Manchin was a part of this process, joining fellow Democratic Sens. Amy KlobucharAmy KlobucharGOP blocks Senate Democrats' revised elections bill Progressives push back on decision to shrink Biden's paid family leave program The Hill's 12:30 Report - Presented by Altria - Biden holds meetings to resurrect his spending plan MORE (Minn.), Jeff MerkleyJeff MerkleyBiden injects new momentum into filibuster fight House passes bill to expand workplace protections for nursing mothers Senate Democrats call for diversity among new Federal Reserve Bank presidents MORE (Ore.), Alex PadillaAlex PadillaSenate Democrats call for diversity among new Federal Reserve Bank presidents GOP blocks Senate Democrats' revised elections bill Progressives push back on decision to shrink Biden's paid family leave program MORE (Calif.), Raphael WarnockRaphael WarnockSenate Democrats call for diversity among new Federal Reserve Bank presidents On The Money — Democrats eye tough choices as deadline looms Warnock pushes Medicaid expansion as equity issue amid Democrats' health care battle MORE (Ga.), Tim KaineTimothy (Tim) Michael KaineBiden injects new momentum into filibuster fight Democratic frustration with Sinema rises Harris stumps for McAuliffe in Virginia MORE (Va.) and Jon TesterJonathan (Jon) TesterThe Hill's Morning Report - Presented by Uber - Manchin, Sanders in budget feud; Biden still upbeat Democratic frustration with Sinema rises Which proposals will survive in the Democrats' spending plan? MORE (Mont.) and Independent Sen. Angus KingAngus KingPennsylvania Republican becomes latest COVID-19 breakthrough case in Congress Manchin insists he hasn't threatened to leave Democrats GOP blocks Senate Democrats' revised elections bill MORE (Maine), who conferences with Democrats.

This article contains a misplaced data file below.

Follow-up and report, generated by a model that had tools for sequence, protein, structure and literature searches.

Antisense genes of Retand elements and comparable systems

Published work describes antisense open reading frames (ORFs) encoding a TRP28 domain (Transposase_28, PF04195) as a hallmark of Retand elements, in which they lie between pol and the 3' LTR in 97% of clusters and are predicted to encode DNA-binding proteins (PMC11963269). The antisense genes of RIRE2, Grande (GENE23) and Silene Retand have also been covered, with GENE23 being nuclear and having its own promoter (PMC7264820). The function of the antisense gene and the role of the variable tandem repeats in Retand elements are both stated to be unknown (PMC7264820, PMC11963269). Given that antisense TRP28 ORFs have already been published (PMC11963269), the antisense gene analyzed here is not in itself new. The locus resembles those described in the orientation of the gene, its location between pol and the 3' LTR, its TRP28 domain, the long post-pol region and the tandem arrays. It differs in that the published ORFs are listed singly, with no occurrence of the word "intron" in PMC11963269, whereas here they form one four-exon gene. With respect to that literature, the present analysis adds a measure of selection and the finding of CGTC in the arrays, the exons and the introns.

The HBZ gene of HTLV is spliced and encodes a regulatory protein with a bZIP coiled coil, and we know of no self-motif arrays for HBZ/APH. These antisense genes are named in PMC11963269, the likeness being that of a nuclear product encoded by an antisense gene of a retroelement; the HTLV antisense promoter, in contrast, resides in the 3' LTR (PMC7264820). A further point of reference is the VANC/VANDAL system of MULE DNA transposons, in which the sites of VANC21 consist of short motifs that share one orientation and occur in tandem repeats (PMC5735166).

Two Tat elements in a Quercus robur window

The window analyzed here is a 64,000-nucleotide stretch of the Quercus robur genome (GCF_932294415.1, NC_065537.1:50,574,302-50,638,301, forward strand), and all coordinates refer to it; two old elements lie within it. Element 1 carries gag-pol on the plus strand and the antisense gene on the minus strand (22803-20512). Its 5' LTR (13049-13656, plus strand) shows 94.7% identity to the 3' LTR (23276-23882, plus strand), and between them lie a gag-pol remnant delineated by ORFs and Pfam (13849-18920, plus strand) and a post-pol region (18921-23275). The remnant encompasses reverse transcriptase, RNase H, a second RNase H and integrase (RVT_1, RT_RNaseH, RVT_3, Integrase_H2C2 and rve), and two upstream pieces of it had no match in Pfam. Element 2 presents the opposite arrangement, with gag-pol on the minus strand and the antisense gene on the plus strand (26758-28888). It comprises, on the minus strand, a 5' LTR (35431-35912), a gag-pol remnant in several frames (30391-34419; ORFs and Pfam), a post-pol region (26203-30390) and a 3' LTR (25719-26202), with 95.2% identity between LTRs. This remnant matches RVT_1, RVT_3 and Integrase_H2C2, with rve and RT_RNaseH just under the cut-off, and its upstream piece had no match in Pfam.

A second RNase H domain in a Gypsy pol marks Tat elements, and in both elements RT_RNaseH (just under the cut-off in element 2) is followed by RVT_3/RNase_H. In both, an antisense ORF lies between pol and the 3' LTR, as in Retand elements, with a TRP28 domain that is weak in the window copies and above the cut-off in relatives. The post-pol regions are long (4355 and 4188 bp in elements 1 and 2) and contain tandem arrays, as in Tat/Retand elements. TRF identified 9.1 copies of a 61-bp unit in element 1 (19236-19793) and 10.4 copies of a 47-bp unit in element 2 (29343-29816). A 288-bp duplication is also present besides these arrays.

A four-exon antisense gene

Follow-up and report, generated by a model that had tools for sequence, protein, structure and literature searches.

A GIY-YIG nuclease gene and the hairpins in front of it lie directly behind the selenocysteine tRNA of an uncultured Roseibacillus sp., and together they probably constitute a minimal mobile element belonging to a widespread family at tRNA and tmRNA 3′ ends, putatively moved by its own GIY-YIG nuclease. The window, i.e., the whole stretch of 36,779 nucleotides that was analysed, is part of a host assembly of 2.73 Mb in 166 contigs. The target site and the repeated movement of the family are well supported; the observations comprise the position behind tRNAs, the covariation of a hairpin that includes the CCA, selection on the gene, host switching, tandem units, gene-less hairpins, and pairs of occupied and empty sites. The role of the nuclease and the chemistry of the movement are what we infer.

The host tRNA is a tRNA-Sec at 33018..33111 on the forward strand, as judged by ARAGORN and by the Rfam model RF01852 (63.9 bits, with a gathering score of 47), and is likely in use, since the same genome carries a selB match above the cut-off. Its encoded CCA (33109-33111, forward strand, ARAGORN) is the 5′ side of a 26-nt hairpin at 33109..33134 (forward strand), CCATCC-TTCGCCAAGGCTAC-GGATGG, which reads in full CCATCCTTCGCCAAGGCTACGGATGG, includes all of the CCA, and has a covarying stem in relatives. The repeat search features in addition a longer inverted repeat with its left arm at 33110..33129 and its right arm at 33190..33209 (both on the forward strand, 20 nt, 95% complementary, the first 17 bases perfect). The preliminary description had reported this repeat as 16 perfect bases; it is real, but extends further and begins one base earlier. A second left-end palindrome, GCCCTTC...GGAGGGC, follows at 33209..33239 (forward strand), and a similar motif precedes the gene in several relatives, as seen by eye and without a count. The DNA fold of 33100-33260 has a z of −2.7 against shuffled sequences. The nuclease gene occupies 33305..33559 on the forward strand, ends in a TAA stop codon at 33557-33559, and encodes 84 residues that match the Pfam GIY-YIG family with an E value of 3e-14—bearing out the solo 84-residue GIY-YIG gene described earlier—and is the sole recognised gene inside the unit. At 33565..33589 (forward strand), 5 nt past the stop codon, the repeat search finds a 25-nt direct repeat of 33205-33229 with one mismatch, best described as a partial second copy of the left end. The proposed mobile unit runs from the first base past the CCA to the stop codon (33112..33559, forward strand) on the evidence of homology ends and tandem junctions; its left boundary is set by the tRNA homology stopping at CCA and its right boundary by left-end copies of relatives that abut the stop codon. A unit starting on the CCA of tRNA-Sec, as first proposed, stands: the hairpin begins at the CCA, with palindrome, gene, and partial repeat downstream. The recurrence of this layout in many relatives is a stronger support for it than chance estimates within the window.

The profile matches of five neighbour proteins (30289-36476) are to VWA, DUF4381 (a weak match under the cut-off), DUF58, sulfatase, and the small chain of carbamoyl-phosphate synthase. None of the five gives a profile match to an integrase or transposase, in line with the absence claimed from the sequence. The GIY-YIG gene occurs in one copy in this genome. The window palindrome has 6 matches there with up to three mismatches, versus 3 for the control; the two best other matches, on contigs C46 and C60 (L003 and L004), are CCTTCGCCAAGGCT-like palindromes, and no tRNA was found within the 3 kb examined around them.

The legislation would give all voters access to a minimum of 15 early voting days and same-day registration, while making Election Day a federal holiday.